BETT 2015: Education Technology Is Here to Stay!

January 26, 2015 | By: Maya Tal

The digital classroom is already here and every student soon will be provided a device, or so you might think judging by the wealth of solutions presented at BETT, an annual trade show in the United Kingdom that showcases the use of educational technology.

E-learning exhibitors offered hardware (whiteboards and devices), ancillary equipment, software, and services – all aimed at simplifying the move to digital education. Solutions spanned from ICT broadband, cloud and school information systems (LMS), and data security software. Also featured were especially-designed carts to store, sync, and charge multiple tablets.

Content providers, such as BrainPOP and Twig, offered short videos or animations, and other tools to enable teachers to create and distribute their own blended learning content to students. Microsoft introduced its newly acquired Minecraft gaming platform as an adaptive learning tool for educators to engage children to learn complex concepts through collaboration.

123Intel presented Education Content Access Point, a portable solution to allow teachers to store, distribute, and access all digital-driven content from any platform or device, which is a practical solution for educational establishments with low connectivity.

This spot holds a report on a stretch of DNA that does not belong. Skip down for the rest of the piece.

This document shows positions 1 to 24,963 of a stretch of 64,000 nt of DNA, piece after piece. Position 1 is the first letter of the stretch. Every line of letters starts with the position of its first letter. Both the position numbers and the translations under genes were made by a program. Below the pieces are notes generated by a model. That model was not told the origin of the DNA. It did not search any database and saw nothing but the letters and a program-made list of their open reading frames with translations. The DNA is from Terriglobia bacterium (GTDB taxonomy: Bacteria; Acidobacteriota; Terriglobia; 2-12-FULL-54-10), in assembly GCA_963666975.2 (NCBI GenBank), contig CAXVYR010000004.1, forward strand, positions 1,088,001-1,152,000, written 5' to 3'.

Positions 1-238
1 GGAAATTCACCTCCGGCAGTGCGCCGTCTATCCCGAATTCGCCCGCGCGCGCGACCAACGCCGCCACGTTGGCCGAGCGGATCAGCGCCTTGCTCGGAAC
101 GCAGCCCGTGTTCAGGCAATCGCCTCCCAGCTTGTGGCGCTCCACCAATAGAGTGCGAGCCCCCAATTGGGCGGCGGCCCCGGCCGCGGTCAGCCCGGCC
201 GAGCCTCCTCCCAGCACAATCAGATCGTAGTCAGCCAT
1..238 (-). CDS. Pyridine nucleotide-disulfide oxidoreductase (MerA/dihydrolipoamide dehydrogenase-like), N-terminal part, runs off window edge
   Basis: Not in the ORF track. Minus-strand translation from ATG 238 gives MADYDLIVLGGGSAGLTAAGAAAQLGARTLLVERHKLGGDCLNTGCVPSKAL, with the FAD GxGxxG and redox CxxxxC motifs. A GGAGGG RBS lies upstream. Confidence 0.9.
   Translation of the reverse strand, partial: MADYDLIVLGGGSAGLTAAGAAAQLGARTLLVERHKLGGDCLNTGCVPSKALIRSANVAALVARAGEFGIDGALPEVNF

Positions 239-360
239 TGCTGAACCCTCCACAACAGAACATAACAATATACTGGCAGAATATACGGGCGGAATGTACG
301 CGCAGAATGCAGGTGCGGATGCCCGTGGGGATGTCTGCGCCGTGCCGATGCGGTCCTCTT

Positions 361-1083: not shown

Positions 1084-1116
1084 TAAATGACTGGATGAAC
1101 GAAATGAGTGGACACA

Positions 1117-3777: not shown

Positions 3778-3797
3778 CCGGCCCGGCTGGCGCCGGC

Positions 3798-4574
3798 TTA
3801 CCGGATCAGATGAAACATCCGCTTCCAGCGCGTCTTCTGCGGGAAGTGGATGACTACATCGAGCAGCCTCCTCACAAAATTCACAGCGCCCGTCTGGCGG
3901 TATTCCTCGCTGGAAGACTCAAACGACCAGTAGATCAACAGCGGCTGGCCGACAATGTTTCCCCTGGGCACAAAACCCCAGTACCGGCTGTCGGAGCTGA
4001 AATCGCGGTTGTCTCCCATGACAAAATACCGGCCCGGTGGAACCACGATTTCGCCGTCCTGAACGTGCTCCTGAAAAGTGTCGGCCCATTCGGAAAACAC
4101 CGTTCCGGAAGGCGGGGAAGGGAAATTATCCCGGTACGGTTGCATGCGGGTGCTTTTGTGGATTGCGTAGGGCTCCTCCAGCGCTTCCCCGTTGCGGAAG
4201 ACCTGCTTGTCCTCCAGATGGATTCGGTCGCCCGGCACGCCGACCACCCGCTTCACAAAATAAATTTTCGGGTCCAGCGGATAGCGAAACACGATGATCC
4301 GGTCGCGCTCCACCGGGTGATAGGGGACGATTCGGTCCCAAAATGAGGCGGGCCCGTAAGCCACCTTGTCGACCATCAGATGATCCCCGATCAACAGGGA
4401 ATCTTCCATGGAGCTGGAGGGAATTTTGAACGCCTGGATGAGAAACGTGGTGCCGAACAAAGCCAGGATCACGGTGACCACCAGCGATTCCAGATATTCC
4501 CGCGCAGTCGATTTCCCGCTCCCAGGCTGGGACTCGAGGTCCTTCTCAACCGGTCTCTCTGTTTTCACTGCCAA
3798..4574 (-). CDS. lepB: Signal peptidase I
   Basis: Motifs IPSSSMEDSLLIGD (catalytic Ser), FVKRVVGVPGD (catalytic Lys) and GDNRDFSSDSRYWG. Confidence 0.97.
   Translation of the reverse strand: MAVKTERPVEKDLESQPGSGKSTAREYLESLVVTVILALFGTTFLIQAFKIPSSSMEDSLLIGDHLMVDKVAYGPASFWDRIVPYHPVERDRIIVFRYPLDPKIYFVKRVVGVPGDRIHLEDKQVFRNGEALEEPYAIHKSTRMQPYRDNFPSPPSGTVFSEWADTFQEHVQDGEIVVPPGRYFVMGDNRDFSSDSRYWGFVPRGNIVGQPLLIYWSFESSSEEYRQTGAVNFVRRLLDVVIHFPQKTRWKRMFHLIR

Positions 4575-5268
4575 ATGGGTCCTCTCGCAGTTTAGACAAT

Many platform providers are now emphasizing the collection and review of student data in a real-time environment as an essential component to their LMS or information systems for improving learning efficacy and performance outcomes. However, real-time class management is still a challenge for most teachers and some exhibitors offered the old “clickers” or electronic voting systems for a lean real-time class management solution for schools that do not yet have a device for every child.

Mr. John Couch, VP Education at Apple presented the company’s vision for the classroom of tomorrow. “Technology”, he said, “cannot be a substitute for better pedagogy.” According to studies conducted by Apple, the future classroom teaching methodology should emphasize creativity, collaboration and mutually agreed upon goals to positively challenge each student. Another objective is to successfully engage a technologically-savvy generation of kids, so as to ignite their passion for learning. The passive classroom, where the teacher lectures to students, must be recognized as a relic of the past. Indeed some studies found that brain wave activity for kids in a traditional classroom are the same as for kids who are watching TV. To improve brain activity, learning goals must be personalized to fit the student’s individual level.

Couch shared Steve Jobs’ vision for the future of education, by quoting him, “All books and assessments must be digital and interactive, tailored to each student and providing feedback in real time.”

ITunes University now has become an educational publisher, offering 10 thousand public courses and 2 million books. Apple invests in empowering individuals to become educational authors by creating their own learning materials and distributing them on the ITunes platform.

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